Mixed roots from Growing Washington (Alm Hill Gardens) at your Ballard Farmers Market. Copyright Zachary D. Lyons.

Mixed roots from Growing Washington (Alm Hill Gardens) at your Ballard Farmers Market. Copyright Zachary D. Lyons.

Looking for a quick and easy dinner idea? How about a root roast? This handy root mix from Growing Washington (a.k.a., Alm Hill Gardens) is just the ticket. The key to a successful, low maintenance root roast is to cut your roots into appropriate sizes based on their density, so that they all will be ready at the same time. Rutabagas are the densest, followed by carrots and beets, and then potatoes. Sunchokes and parsnips cook the fastest. The denser the root, the smaller the pieces. Follow this rule, and you will have great, simple, delicious root roasts. Just lather them up with your favorite oil, salt and pepper to taste, and slide them in a hot oven until tender. Give them a toss about midway through.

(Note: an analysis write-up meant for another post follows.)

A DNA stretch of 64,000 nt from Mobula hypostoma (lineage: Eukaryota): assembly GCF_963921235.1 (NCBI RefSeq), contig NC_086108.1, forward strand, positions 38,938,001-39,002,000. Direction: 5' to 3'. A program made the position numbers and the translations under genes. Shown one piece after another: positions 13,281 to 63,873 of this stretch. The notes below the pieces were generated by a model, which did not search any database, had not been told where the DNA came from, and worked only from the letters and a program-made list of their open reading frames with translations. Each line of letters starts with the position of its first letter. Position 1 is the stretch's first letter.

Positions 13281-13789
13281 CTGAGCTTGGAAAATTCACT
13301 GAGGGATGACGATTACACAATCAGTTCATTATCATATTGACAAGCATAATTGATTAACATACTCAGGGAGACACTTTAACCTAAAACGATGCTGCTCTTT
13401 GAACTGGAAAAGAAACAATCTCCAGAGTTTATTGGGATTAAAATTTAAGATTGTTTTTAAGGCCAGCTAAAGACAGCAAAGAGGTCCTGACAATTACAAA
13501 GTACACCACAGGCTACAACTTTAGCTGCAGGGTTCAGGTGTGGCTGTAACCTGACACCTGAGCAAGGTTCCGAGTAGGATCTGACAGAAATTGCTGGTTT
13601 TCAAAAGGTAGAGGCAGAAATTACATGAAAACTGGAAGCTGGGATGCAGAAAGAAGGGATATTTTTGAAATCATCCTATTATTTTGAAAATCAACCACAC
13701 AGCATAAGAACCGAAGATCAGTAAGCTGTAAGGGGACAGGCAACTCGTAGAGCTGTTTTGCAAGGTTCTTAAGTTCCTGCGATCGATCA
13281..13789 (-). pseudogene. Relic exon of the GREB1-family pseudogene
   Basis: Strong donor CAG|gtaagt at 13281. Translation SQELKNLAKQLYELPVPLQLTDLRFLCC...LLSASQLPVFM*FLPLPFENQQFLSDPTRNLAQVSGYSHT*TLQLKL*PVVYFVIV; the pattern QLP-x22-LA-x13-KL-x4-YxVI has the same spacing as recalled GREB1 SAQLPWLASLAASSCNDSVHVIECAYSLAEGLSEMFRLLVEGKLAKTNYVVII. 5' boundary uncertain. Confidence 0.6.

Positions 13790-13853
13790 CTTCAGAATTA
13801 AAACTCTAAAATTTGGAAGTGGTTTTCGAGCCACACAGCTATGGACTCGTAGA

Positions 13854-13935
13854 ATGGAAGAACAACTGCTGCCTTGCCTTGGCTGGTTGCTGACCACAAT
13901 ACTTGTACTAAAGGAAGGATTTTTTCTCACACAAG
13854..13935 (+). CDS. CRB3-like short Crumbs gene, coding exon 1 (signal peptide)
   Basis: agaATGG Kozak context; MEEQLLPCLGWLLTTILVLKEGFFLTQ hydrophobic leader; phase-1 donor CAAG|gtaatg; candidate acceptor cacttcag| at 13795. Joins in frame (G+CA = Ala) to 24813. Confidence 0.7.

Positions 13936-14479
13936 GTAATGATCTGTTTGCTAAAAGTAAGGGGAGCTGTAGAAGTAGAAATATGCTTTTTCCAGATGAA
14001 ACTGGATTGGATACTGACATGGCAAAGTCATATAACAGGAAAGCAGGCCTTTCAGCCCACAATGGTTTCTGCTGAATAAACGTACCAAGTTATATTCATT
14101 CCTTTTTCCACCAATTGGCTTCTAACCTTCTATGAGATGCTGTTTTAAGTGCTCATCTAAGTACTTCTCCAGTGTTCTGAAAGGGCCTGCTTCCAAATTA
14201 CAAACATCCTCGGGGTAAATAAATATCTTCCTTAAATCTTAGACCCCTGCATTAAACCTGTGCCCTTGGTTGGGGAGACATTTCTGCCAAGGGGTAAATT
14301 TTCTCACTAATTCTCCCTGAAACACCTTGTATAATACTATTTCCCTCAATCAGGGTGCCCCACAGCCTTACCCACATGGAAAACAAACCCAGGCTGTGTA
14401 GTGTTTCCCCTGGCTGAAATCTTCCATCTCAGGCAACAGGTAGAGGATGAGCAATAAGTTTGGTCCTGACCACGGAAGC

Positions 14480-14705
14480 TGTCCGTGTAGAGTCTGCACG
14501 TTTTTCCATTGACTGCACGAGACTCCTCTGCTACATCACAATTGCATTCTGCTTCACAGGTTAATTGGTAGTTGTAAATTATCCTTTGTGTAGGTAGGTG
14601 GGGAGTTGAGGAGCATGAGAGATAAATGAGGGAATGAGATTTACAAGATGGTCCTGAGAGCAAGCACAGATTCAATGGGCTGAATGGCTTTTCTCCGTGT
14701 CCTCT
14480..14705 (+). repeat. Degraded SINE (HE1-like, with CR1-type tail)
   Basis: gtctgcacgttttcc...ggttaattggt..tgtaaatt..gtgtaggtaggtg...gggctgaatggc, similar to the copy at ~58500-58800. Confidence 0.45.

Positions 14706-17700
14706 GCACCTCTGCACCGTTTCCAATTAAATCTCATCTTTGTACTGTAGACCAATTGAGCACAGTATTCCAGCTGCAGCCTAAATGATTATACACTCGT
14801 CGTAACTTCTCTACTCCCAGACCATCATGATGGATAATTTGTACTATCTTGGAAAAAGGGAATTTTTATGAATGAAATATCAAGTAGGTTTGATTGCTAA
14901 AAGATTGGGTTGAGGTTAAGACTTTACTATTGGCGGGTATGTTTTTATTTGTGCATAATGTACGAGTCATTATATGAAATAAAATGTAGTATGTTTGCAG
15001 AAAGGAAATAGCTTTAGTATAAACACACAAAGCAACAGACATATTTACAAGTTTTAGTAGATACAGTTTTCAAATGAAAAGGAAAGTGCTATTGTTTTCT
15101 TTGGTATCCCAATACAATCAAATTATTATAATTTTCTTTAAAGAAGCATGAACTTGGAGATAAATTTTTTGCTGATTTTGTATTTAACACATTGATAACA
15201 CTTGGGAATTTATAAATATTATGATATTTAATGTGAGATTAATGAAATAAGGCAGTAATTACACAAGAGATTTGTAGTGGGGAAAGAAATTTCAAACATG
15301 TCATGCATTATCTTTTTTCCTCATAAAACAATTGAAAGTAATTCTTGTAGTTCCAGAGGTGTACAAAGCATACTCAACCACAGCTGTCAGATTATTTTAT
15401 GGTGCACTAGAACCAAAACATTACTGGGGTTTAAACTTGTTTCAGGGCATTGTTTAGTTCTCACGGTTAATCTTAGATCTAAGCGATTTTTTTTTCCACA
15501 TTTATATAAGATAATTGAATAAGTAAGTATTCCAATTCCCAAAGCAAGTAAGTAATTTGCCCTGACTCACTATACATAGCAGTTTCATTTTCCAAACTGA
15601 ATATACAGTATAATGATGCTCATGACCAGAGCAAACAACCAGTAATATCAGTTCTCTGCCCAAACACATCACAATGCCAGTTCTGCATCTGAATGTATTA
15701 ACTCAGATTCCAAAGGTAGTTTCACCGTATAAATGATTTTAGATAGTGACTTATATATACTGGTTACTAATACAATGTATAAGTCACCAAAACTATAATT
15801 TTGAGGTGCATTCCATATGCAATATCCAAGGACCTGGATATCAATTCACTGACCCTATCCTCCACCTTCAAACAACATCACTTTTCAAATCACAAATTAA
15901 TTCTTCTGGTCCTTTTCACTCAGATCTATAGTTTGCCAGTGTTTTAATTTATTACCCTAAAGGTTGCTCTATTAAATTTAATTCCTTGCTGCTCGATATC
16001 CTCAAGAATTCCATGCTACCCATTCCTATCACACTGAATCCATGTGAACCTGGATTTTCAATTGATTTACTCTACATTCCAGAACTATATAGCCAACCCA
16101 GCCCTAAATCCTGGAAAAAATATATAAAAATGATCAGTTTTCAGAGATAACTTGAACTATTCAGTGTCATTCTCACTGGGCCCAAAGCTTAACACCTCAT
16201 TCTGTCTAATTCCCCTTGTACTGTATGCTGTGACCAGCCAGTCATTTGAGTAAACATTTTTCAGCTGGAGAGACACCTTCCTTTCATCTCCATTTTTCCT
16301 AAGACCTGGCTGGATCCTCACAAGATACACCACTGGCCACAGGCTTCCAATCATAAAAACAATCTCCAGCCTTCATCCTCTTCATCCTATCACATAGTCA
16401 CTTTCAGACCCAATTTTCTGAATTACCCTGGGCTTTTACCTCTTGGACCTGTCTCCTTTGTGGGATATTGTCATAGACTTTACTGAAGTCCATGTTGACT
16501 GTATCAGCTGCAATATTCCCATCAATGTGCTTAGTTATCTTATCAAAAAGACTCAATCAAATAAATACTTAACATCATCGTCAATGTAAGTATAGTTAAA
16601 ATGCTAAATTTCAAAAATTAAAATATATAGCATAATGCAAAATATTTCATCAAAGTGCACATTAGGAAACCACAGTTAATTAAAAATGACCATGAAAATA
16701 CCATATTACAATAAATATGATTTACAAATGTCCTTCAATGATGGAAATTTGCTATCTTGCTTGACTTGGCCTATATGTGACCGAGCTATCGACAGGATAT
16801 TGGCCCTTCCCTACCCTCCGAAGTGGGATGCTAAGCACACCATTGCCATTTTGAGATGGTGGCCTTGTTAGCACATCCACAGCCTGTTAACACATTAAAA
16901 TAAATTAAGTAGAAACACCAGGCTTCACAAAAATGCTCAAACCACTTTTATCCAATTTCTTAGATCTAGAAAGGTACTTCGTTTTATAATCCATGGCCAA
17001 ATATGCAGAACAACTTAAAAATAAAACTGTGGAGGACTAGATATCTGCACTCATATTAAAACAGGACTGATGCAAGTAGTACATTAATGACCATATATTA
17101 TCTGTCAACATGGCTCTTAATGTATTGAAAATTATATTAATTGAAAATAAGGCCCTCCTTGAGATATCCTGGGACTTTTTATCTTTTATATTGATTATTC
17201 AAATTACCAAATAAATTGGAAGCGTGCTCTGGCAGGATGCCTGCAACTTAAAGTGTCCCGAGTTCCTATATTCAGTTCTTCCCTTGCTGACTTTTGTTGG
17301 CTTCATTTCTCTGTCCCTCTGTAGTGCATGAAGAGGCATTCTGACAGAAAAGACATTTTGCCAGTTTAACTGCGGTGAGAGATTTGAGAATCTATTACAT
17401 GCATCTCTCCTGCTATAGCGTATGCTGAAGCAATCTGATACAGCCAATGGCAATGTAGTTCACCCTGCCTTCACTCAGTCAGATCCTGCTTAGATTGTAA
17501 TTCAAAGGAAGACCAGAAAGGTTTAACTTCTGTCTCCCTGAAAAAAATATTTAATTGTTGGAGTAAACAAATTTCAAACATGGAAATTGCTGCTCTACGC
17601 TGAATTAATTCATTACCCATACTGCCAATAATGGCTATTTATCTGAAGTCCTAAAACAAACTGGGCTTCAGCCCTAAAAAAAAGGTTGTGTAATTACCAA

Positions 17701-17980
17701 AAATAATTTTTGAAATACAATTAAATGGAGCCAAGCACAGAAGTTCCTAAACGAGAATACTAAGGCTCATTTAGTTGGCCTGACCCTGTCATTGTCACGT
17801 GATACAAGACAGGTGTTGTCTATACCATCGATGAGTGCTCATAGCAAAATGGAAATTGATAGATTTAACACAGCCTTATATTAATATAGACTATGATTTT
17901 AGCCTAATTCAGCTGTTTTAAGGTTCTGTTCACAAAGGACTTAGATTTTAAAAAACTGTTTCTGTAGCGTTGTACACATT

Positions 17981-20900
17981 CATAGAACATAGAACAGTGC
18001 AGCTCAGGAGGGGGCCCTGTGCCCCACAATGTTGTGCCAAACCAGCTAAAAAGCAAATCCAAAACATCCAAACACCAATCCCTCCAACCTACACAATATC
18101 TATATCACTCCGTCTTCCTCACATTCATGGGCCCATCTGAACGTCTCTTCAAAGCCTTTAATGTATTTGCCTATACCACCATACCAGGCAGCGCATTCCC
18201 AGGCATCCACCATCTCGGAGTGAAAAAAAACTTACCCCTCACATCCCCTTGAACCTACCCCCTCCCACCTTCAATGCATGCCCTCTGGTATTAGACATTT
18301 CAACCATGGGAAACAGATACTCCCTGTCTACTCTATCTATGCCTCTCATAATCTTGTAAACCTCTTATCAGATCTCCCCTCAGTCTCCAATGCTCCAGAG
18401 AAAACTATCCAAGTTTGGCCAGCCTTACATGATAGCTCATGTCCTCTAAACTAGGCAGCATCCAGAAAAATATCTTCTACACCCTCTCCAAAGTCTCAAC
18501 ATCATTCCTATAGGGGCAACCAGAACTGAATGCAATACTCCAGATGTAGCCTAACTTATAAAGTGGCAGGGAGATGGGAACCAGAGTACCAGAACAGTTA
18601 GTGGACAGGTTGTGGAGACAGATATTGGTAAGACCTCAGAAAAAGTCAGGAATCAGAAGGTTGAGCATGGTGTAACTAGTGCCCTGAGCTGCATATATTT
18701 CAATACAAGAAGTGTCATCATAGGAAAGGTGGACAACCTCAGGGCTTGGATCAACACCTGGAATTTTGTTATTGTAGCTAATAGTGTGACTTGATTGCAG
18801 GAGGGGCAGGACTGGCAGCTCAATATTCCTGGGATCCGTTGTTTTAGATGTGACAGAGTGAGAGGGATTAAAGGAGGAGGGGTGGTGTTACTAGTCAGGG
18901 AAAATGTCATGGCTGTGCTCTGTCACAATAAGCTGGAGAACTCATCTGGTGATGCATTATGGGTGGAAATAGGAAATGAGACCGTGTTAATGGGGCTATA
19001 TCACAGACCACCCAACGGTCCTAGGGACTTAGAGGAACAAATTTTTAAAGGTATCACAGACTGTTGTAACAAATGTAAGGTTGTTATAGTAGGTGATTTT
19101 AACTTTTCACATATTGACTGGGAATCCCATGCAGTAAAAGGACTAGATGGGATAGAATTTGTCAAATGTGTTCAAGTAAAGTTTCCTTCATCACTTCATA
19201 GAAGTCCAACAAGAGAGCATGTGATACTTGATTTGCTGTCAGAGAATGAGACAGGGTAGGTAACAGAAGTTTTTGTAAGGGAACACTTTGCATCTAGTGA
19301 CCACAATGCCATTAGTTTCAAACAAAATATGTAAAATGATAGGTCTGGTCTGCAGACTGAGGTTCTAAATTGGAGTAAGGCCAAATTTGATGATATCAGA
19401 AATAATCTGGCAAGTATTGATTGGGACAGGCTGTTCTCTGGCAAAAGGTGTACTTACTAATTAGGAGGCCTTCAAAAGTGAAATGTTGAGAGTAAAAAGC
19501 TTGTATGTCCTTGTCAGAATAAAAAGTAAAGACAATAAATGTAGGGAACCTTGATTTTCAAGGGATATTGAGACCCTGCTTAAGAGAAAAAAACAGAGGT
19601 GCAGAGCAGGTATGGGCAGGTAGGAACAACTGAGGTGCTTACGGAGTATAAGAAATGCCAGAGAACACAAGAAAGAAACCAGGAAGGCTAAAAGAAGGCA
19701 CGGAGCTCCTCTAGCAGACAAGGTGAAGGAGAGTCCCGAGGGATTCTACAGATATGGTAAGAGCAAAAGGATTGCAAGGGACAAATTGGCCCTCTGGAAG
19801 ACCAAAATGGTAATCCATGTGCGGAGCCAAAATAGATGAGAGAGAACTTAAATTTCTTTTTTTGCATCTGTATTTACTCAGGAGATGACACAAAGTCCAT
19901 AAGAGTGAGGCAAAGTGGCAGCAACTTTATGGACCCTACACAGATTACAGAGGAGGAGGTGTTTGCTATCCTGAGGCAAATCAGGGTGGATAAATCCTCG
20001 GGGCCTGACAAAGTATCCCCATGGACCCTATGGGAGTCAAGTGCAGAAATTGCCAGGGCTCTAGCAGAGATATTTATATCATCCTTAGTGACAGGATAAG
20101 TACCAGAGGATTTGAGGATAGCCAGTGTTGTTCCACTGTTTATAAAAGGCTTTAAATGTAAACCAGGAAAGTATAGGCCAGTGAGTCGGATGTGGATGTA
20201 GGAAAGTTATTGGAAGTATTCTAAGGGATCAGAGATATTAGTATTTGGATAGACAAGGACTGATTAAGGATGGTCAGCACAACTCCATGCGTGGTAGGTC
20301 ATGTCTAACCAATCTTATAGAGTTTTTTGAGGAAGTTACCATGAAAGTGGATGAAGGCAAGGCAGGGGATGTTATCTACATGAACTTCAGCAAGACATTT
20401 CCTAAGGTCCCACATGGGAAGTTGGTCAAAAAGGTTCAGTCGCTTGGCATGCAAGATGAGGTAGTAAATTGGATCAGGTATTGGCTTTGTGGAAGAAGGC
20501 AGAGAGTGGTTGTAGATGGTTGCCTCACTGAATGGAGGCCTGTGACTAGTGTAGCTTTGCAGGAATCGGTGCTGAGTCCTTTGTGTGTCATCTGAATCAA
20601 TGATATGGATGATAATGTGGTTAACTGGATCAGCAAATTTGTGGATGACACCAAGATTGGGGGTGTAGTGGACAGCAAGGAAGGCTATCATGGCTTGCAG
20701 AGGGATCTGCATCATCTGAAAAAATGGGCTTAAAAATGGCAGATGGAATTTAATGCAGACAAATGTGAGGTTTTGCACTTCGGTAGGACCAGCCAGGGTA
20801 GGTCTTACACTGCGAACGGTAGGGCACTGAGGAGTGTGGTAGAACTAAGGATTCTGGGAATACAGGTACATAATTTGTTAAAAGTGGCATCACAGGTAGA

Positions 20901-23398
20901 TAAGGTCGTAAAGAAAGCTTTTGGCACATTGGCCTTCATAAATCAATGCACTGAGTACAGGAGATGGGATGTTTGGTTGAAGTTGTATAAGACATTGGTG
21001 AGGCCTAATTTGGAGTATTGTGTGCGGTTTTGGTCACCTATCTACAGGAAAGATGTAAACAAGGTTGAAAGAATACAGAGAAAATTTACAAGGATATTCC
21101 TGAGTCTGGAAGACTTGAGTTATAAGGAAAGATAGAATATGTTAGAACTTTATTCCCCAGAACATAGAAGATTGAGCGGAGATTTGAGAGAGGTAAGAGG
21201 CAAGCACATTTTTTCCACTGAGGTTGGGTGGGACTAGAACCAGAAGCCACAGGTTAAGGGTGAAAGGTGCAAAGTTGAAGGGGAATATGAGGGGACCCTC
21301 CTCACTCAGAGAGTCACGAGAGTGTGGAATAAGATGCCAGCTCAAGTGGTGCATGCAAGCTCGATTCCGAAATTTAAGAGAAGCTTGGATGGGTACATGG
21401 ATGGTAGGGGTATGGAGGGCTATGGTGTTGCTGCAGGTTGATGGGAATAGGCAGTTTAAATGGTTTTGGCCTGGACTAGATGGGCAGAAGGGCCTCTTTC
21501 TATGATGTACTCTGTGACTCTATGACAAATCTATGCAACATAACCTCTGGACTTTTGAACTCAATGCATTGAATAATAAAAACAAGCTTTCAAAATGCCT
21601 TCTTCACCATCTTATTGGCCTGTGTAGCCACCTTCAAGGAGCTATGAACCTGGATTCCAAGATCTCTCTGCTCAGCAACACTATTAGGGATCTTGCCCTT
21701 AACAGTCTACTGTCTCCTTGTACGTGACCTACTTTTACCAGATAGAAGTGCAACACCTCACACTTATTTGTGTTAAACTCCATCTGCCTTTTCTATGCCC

Frozen blueberries from Sidhu Farms at your Ballard Farmers Market. Copyright Zachary D. Lyons.

Frozen blueberries from Sidhu Farms at your Ballard Farmers Market. Copyright Zachary D. Lyons.

I add a handful of these frozen blueberries to my hot cereal every morning. Sidhu Farms harvests them at their peak of ripeness, and quickly freezes them, so that we can enjoy them all winter long. If you do plan to shop the Market and then watch the Big Game in the neighborhood, we recommend that you bring a small cooler with some ice to keep your blueberries frozen.

Red storage onions from Colinwood Farm at your Ballard Farmers Market. Copyright Zachary D. Lyons.

Red storage onions from Colinwood Farm at your Ballard Farmers Market. Copyright Zachary D. Lyons.